Trump to Iran: ‘never, ever threaten’ US again
President Donald Trump on Sunday hit back at bellicose comments by Iran's president, warning him of dire consequences as the US intensifies its campaign against the Islamic republic.
"NEVER, EVER THREATEN THE UNITED STATES AGAIN OR YOU WILL SUFFER CONSEQUENCES THE LIKES OF WHICH FEW THROUGHOUT HISTORY HAVE EVER SUFFERED BEFORE," Trump said on Twitter in a direct message to President Hassan Rouhani.
Earlier Sunday the Iranian leader had warned Trump not to "play with the lion's tail," saying that conflict with Iran would be the "mother of all wars".
The US president, writing his entire message in capital letters, continued his riposte:
"WE ARE NO LONGER A COUNTRY THAT WILL STAND FOR YOUR DEMENTED WORDS OF VIOLENCE & DEATH. BE CAUTIOUS!"
His comments Sunday night came after Secretary of State Mike Pompeo, in a major address to the Iranian diaspora in California, said Washington is not afraid to sanction top-ranking leaders of the "nightmare" Iranian regime.
Trump in May pulled the US out of a hard-won agreement with Tehran, also signed by Britain, China, France, Germany and Russia, which lifted sanctions in exchange for curbs on Iran's nuclear program.
To Iranian President Rouhani: NEVER, EVER THREATEN THE UNITED STATES AGAIN OR YOU WILL SUFFER CONSEQUENCES THE LIKES OF WHICH FEW THROUGHOUT HISTORY HAVE EVER SUFFERED BEFORE. WE ARE NO LONGER A COUNTRY THAT WILL STAND FOR YOUR DEMENTED WORDS OF VIOLENCE & DEATH. BE CAUTIOUS!
— Donald J. Trump (@realDonaldTrump) July 23, 2018
The 2015 agreement was in response to fears that Iran was developing a nuclear bomb.
European allies maintain their support for the deal and have vowed to stay in it, though their businesses fear US penalties.
Following Washington's pullout Pompeo unveiled Washington's tougher line under which, he said, the US would lift the new sanctions if Iran ended its ballistic missile program and interventions in regional conflicts from Yemen to Syria.
Rouhani immediately dismissed those US threats and on Sunday said: "You cannot provoke the Iranian people against their own security and interests."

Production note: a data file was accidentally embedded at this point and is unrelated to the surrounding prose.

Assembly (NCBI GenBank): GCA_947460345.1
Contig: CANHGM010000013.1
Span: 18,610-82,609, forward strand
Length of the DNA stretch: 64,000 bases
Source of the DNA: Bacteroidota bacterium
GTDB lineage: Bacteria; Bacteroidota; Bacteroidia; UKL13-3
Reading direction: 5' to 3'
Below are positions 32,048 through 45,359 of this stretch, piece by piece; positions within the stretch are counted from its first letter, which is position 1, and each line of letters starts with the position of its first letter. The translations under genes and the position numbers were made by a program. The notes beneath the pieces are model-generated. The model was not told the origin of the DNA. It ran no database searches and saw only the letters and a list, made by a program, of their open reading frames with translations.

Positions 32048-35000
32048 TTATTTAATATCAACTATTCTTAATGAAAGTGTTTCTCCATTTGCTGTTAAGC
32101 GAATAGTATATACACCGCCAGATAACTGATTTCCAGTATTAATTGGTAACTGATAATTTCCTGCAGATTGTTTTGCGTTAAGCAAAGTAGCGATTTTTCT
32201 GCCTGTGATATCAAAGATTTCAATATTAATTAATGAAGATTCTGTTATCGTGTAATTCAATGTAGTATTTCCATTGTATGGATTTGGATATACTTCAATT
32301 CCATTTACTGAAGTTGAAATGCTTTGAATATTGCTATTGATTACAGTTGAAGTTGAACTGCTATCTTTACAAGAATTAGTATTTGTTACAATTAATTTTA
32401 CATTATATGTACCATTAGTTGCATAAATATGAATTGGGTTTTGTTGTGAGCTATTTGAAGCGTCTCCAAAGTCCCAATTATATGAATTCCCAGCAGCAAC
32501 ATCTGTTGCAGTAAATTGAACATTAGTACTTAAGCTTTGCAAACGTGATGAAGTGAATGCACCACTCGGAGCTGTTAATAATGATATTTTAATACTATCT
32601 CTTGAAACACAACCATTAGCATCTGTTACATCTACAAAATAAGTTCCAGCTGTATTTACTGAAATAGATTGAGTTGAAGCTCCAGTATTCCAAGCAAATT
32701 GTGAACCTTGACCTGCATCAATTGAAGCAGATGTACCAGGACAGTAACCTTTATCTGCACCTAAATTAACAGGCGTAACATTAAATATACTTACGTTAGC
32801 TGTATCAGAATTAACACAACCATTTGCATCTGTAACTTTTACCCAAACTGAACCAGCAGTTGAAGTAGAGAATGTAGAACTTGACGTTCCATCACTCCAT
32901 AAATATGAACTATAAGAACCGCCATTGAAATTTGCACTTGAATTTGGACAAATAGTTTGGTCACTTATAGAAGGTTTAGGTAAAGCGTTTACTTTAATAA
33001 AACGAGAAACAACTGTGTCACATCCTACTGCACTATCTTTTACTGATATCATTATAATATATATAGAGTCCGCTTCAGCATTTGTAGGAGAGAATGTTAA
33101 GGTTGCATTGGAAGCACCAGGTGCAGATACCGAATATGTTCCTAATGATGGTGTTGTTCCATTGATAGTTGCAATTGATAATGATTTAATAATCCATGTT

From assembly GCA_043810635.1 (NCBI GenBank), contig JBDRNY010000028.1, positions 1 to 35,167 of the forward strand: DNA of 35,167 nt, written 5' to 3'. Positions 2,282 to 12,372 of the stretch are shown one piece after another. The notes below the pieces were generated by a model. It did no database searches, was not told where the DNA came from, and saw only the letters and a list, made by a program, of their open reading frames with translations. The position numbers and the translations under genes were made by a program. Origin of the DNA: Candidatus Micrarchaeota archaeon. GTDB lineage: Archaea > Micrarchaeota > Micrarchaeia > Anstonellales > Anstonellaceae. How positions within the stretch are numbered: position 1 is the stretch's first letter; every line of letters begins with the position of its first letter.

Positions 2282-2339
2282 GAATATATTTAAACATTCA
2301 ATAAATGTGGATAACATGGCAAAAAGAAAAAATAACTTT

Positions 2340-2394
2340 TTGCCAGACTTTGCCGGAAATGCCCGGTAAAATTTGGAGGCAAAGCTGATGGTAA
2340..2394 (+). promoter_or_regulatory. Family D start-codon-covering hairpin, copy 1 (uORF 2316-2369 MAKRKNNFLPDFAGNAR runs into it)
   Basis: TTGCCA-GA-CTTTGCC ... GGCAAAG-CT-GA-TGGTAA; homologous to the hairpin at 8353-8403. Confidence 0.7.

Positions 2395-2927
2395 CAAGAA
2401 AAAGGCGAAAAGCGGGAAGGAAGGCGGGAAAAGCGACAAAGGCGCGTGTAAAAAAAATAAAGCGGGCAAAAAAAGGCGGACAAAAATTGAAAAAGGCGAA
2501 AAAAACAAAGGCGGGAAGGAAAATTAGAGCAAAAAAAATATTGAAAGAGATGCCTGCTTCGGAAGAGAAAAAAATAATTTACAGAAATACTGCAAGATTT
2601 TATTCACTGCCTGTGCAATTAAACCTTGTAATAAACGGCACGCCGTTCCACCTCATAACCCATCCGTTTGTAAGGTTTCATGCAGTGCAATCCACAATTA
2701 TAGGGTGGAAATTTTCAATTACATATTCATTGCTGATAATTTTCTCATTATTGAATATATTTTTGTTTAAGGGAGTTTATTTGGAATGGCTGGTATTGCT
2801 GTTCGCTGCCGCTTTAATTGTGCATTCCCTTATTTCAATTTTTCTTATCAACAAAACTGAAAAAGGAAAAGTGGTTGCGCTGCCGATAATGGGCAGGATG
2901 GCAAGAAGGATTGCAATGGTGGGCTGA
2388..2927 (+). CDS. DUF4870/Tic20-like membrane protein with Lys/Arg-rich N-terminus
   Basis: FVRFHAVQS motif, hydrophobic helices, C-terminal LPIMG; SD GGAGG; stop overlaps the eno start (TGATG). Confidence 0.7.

'More to come'
In a televised speech ahead of Pompeo's address, Rouhani repeated his warning that Iran could shut down the strategic Strait of Hormuz, a vital shipping lane for international oil supplies.
"Peace with Iran would be the mother of all peace and war with Iran would be the mother of all wars," Rouhani said.
On Saturday, Iran's supreme leader Ayatollah Ali Khamenei said US words and "even... their signature" cannot be trusted, "so negotiations with the United States are useless."
The US in January had already sanctioned Sadeq Larijani, the head of Iran's judiciary, for human rights violations, Pompeo noted on Sunday.
"We weren't afraid to tackle the regime at its highest level," he said, confirming that Washington wants all countries to reduce their imports of Iranian oil "as close to zero as possible" by November 4, or face American sanctions.
Pompeo called on "all governments to end their flirtations" with Iran's regime, and said "there's more to come" in terms of sanctions.
"Regime leaders -- especially those at the top of the IRGC and the Quds Force like Qasem Soleimani -- must be made to feel painful consequences of their bad decision making," said Pompeo, a longtime Iran hawk. He was referring to Iran's special forces and Revolutionary Guards.
Roundly applauded by his audience, Pompeo affirmed support by Washington for protesters who have taken to the streets of Iran as economic woes mount after the US withdrawal from the nuclear accord.
"The regime in Iran has been a nightmare for the Iranian people," he said.
"The United States hears you. The United States supports you. The United States is with you."
To reinforce that message, Washington's top diplomat announced an intensified American propaganda campaign, through the launch of a multimedia channel with 24-hour coverage on television, radio, and social media.
Pompeo refused to distinguish between moderates and radicals at the heart of the Islamic republic.
The Trump administration is regularly suspected of favoring regime change in Iran, and Pompeo said "our hope is that ultimately the regime will make meaningful changes in its behavior both inside Iran and globally."
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